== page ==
Japanese Styles Give Parisians an Alternative

Times Fashion Editor

Fashion retailing is a risky business and a number of corporate lives depend on it. That is why neither wind-propelled rain nor the threat of terrorist bombs keeps store executives from the drafty, makeshift tents set up in the soggy courtyard of the Louvre museum where the French fall collection shows began last week.

And that is why nobody laughed at the pregnant-look peplums, padded hiplines and bouncing bustles shown by three Japanese designers who kicked off this city's fall fashion week. In fact, buyers seemed grateful to get back to unreality here, after two weeks of viewing traditional clothes in London and Milan.

Traditional is not what they came to Europe for. They are here for invention and artistry, for the touch of design magic that will turn dressing-room try-ons into cash sales. Some buy the actual designer clothes, others catch the trends and copy them. In either case, when they reach Paris they're at the hub of the fashion wheel.

Buyers at the Japanese designer shows knew that the average Ms. America wouldn't walk the avenue with the front of her jacket padded to look like a deflated life raft. She might even resist a flap of fabric, folded origami-style, dangling from the hipline of an otherwise simple and elegantly tailored suit.

Imaginative, Experimental

But that doesn't matter. What designers Kenzo, Rei Kawakubo for Comme des Garcons and Yohji Yamamoto always offer stores is an alternative view of fashion rather than specifics. Their overall approach to body covering is imaginative, fresh and experimental--an approach that is usually served up to even the most conservative shoppers in one form or another each season.

Kenzo's show was a hot shot of much needed color: red, yellow, pink, purple, blue, often in wild solid or patterned combinations. His simplest styles were best: long, loose coats over narrow jersey sweaters that topped long, bias-cut or pleated skirts. But there was plenty of fun stuff for the trendies, including hip peplums, rear bustles, Western fringe on jacket sleeves, tent-shaped blouses and even slim, bell-shaped skirts formed by diagonal tiers of fabric.

A big chunk of the show was Kenzo's happy fantasy of how Western girls look at home on the range. It was a costume designer's dream, with huge cowboy hats and boots providing the sandwich ends between which Kenzo stuffed a glittery assortment of bright minis and tights, gold-embroidered jackets, shearling coats over velvet outfits and what is probably the world's longest fishtail, ruffled peplum.

Kenzo is not alone in celebrating the American West. The streets of Europe are filled with citizens of every age, wearing fringed leathers, blue denims, cowboy boots and tooled leather belts--even with mink coats. It is an unexplainable street fashion craze, one of many that this designer has picked up and personalized.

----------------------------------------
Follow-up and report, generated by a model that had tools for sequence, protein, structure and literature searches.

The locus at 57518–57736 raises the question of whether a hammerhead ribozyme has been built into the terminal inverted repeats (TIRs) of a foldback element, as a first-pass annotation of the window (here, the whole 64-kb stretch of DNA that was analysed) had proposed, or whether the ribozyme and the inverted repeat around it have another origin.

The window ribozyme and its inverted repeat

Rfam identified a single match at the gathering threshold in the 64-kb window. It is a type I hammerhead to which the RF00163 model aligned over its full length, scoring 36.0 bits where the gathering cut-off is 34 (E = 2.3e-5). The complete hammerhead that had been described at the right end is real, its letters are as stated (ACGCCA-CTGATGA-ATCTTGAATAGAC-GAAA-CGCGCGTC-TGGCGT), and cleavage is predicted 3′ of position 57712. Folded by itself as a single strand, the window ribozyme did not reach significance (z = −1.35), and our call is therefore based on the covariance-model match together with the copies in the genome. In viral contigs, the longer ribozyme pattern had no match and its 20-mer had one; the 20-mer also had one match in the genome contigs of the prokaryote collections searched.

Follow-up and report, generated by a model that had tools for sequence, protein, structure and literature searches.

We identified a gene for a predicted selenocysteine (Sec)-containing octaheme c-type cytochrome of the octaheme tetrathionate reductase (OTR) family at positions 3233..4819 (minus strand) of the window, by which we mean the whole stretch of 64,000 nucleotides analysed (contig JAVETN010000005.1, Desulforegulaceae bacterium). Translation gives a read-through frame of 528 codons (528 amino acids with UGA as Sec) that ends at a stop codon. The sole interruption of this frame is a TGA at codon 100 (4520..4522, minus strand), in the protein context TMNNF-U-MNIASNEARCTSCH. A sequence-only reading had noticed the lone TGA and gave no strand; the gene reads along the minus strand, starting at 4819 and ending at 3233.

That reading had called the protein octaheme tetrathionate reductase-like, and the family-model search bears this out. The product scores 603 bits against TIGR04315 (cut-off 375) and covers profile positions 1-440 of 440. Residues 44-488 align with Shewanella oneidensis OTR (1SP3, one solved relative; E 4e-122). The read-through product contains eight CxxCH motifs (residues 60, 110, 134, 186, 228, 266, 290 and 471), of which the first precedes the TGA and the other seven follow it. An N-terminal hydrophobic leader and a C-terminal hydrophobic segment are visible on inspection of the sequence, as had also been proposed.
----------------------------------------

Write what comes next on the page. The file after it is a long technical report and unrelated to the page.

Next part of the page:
The Long and the Lean

Rei Kawakubo, for Comme des Garcons, still views the world at a tilt. Her fall look is basically long, soft, lean and narrow shouldered. But her clothes are asymmetrical in the extreme, with side-draped jackets dangling lower on one side, intricate skirts listing to left or right at the hemline, parts of garments hitched up or sliced away to reveal what lies beneath.

Even peplums and collars are skewed to one side and often made of fabric that is bunched up to look like soft sculpture with some of the stuffing removed. The overall effect however is appealingly feminine and her fabrics are fascinating. Nubby, crunchy, black-and-white wools in soft tweeds and textures that make you want to reach out and touch them.

Kawakubo was the first this week to show the padded hip look, achieved by stitching bonded jersey into convex cups over the hiplines of skirts and long jackets.

It takes genius to make such eccentric styling look wearable and Kawakubo has it. Whether stores will buy much of what she showed is another question. Bernard Ozer, vice president of fashion merchandising and marketing for the Associated Merchandising Corp. (A.M.C. buys imported products for Bloomingdale's in New York and Bullock's in Los Angeles) told The Times that the bulk of Kawakubo's collection is "a bit too gimmicky."

Emphasis on Hips

The biggest gimmick was by Yohji Yamamoto, who pinned what looked like huge meteors of bright tulle to the hiplines and derrieres of otherwise simple clothes that came down the runway. Yamamoto also emphasized the hip with puffy peplums, dangling hip panels, low-slung side pockets and the same hip-level, cupped-out, bonded jersey that Kawakubo had offered in the show before. It might have looked like a replay, except that Yamamoto chose lime green, rose beige, robin's-egg blue, pearl gray and some colorful plaids, to which the audience responded with applause. The designer's best offerings were big, long coats over slim separates, long shapely suit jackets over narrow pleated skirts, and multilevel outfits of jackets over tunics over tights or skirts.

Tent-shape blouses, coats and jackets that flared gently from shoulder yokes are a recurring theme, first in Milan, then London and now again in Paris. This may mean the start of something big.

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